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Made in Michiana: Schnabeltier

FULTON COUNTY, Ind. - Made in Michiana is highlighting a new business in Fulton County. Schnabeltier is whipping up specialty cheeses and wines right off of U.S. 31, and the owners say they're working to bring a taste of Europe to Michiana.

Matt Sutton and his two business partners, Rex and Chris Robinson were born and raised in Rochester, and after years of travel to Europe, they decided to bring artisan cheese and wine to their hometown.

“We looked at the possibilities and it made a lot of sense because there's an incredible amount of good dairy produced here in Indiana, but very few cheese companies making high-quality cheese,” said Matt Sutton, Schnabeltier Vice President of Sales and Marketing.
 
So they opened their own operation last October. It's called "Schnabeltier," German for platypus.

“It kind of fit because it's a mismatch of a couple of different animals, wine and cheese,” Sutton said.
 
They say there's nothing like Schnabeltier in the Midwest.

“We use the term Midwest because we can't find it anywhere else and I didn't want to offend anybody that might be in California and actually doing this and we can't find them, but there are no other places that make cheese and wine in the same facility,” Sutton said.
 
Schnabeltier features 16 different types of wine and at least six flavors of cheese. In its seven months of being open for business, Sutton says they've seen nothing but success.

“We are selling all the wine we can make. We're looking at already doing an expansion. We've already expanded once since October. We want to expand the wine production and the cheese production and increase distribution,” Sutton said.

Glenn Goss is behind Schnabeltier's daily operations. He says Sutton brought him on board last year because of his passion and expertise in cheese making.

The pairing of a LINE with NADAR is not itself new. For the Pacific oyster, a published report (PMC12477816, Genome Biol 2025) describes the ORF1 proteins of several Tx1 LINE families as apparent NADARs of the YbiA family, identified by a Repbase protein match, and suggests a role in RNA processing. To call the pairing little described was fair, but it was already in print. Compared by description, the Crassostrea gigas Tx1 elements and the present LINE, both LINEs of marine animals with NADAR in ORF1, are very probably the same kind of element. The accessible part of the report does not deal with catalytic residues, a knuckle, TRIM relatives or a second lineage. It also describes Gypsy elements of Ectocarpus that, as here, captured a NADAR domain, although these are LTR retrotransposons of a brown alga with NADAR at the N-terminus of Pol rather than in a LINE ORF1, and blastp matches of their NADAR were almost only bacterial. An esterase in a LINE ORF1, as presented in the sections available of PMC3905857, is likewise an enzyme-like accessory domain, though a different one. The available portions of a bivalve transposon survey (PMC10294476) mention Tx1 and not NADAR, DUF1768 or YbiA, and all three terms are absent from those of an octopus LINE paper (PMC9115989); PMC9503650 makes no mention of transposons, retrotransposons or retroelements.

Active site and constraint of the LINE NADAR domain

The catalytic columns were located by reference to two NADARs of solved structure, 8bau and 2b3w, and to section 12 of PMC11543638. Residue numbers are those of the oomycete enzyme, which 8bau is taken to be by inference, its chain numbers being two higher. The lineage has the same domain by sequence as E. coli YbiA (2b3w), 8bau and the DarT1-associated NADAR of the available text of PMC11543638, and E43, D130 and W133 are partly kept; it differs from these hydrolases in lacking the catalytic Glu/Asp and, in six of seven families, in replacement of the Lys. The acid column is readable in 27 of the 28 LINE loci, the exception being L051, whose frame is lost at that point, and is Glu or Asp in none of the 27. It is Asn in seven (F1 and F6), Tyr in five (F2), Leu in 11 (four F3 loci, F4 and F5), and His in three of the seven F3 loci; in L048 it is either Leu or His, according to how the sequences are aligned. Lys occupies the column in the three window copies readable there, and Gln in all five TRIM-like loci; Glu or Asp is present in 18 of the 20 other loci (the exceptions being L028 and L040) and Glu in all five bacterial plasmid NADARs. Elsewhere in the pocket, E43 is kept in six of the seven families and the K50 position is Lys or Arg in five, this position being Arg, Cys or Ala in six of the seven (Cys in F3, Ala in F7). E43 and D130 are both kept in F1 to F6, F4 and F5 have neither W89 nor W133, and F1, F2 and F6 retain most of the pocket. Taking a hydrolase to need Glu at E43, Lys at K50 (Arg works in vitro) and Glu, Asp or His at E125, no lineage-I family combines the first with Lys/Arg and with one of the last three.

“Right now I have about 250 gallons of milk and it'll end up at about 200 pounds of cheese,” Cheesemaker Glenn Goss said.
 
Goss says it's important that everything that goes into their product is local.

“We have about ten-thousand pounds of cheese, even our oak, this is all oak, even the posts all came from Peru, which is 20 minutes from here,” Goss said.
 
He even gets his main ingredient right down the road at Dog Lake Farms in Bourbon.

“I get 750 gallons from the farm, I empty his tank out,” Goss said.
 
As for the process, Goss says it doesn't take long.
 
“Once we get to dipping that cheese out and we get it in the molds, that takes 20 minutes and then we're cleaning,” Goss said.

The longest part takes place once the cheese is out of the molds and stocked in a temperature controlled room.

“I like to have cheese in here, even three months,” Goss said.
 
Like the cheese, Goss says the wine-making process is also very hands-on.

“Even cutting, we don't have a machine that cuts, we hand pack it the same way as the wine. We have one filler. Everything is still kind of personal,” Goss said.
 
These thousand liter vats hold 265 gallons of wine. This filler hooks up directly to the valves, allowing them to hand fill each bottle. Even the packaging is designed at Schnabeltier's main location, by Sutton himself.

 “If you look at all of our packaging, we have pairings of all the different pairings on them, so if you pick up a bottle of Schnabeltier wine, you can look at it and see what Schnabeltier cheese actually pairs well with it,” Sutton said.

Schnabeltier not only sells its product to anyone who would like to stop by for a taste, Sutton and his partners also provide to restaurants in the region like Lasalle Grill in South Bend and Goose the Market and Milktooth in Indianapolis. And they say they would like their reach to span as far as Chicago, Detroit and Cincinnati.
 
“This movement doesn't show any signs of slowing down and we banked on the fact that it wouldn't,” Sutton said.

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